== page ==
The Indian government has announced that it will add 175 GW of renewable energy capacity by 2022.  That’s a huge target, but one that reflects their need to act fast. Rapid economic expansion means there’s a risk of dangerous growth in carbon emissions.
Hitting that target will take a massive investment of capital and the government has taken the step of targeting private investment. Traditionally, the Indian investment system has been biased against financing through debt and foreign investors are wary of India’s volatile currency. The country needs a low-risk, low-cost option to raise the money needed to finance green projects. Green Bonds could be the answer. 
Green Bonds, or Climate Bonds, can be issued by governments or corporations, with the proceeds earmarked specifically for projects that fight climate change.  YES BANK, India’s fifth-largest private sector bank, has a history of socially and environmentally responsible investment, and is leading the way.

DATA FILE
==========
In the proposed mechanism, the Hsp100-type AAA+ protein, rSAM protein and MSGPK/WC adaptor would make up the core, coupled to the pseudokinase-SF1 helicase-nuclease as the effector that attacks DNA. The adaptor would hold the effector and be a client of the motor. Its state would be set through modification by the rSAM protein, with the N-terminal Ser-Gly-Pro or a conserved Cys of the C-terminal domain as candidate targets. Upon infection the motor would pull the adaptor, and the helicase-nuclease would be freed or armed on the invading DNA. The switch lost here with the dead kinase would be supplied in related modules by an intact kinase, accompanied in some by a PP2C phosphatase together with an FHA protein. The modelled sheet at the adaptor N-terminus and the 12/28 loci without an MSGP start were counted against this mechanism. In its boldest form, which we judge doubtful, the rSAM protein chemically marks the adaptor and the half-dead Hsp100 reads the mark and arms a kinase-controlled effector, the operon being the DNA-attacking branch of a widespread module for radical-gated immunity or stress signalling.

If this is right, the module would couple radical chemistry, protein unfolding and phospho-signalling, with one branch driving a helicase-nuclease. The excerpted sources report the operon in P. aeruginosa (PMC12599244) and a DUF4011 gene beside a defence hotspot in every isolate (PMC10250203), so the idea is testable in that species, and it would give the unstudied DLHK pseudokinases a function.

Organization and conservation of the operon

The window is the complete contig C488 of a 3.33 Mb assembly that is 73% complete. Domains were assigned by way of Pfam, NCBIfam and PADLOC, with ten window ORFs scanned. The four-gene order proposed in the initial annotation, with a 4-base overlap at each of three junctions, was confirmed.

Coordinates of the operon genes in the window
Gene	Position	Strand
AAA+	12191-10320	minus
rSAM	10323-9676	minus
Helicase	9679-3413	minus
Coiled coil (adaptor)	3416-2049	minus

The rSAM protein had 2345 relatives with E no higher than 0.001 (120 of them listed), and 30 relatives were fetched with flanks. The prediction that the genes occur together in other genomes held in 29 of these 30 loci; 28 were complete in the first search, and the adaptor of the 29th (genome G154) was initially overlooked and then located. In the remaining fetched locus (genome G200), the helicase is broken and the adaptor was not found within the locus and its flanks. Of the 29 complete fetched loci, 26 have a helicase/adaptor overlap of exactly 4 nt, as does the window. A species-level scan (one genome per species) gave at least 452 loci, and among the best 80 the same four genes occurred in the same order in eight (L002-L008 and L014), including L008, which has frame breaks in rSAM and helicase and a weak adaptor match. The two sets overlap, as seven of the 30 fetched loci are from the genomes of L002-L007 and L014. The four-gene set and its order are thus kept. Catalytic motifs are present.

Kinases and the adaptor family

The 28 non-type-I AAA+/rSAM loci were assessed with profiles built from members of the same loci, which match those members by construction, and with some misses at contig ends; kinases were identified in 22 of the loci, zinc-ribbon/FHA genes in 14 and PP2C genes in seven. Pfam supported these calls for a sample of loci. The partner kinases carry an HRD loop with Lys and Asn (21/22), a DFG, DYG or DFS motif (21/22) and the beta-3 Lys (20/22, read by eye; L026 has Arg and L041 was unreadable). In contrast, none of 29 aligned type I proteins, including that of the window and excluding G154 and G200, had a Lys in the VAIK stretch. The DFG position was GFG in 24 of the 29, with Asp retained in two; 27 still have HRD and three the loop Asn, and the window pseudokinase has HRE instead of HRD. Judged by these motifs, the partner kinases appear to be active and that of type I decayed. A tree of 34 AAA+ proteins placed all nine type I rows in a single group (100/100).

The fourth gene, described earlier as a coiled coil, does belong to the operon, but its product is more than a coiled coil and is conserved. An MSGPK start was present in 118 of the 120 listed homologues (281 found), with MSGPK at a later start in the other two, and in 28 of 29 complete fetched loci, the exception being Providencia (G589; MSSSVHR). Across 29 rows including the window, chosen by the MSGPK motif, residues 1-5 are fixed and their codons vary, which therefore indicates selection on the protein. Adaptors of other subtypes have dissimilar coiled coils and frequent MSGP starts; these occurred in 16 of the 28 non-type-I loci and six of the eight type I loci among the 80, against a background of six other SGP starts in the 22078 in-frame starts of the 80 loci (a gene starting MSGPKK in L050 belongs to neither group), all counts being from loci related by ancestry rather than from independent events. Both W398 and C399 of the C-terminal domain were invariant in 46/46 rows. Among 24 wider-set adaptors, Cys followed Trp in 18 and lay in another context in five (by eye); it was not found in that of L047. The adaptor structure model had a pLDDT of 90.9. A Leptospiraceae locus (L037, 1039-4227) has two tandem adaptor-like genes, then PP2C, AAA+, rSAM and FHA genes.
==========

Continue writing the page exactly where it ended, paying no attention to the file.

India’s first Green Infrastructure Bond
On February 16, 2015, YES BANK issued India’s first ever Green Infrastructure Bond. They aimed to raise $80 million—rising to a potential $160 million depending on demand—for solar, wind power, biomass and hydroelectric projects.  And, at the first Renewable Energy Global Investors Meet & Expo in February, YES BANK committed to funding 5,000 MW of renewable energy projects, part of which comes from this first bond issue. 
A successful launch
In the end, YES BANK’s bond issue raised over US$158 million, doubling the original target. There was big interest from insurance companies, pension providers, foreign portfolio investors and mutual funds.  Since then, the International Finance Corporation (the private sector arm of the World Bank) has also said it might invest up to US$100 million to support YES BANK’s plans to lend to renewable energy projects. 
Setting the standard in low-carbon finance
Rana Kapoor, managing director and CEO of YES BANK, says the bank’s first-ever Green Bond “is a landmark transaction in green infrastructure financing in India.”  YES BANK moved away from the debt-averse investment culture in India and put renewables at the heart of its investment strategy. YES BANK hopes its actions will encourage other companies to follow suit and promote the climate bond market in India.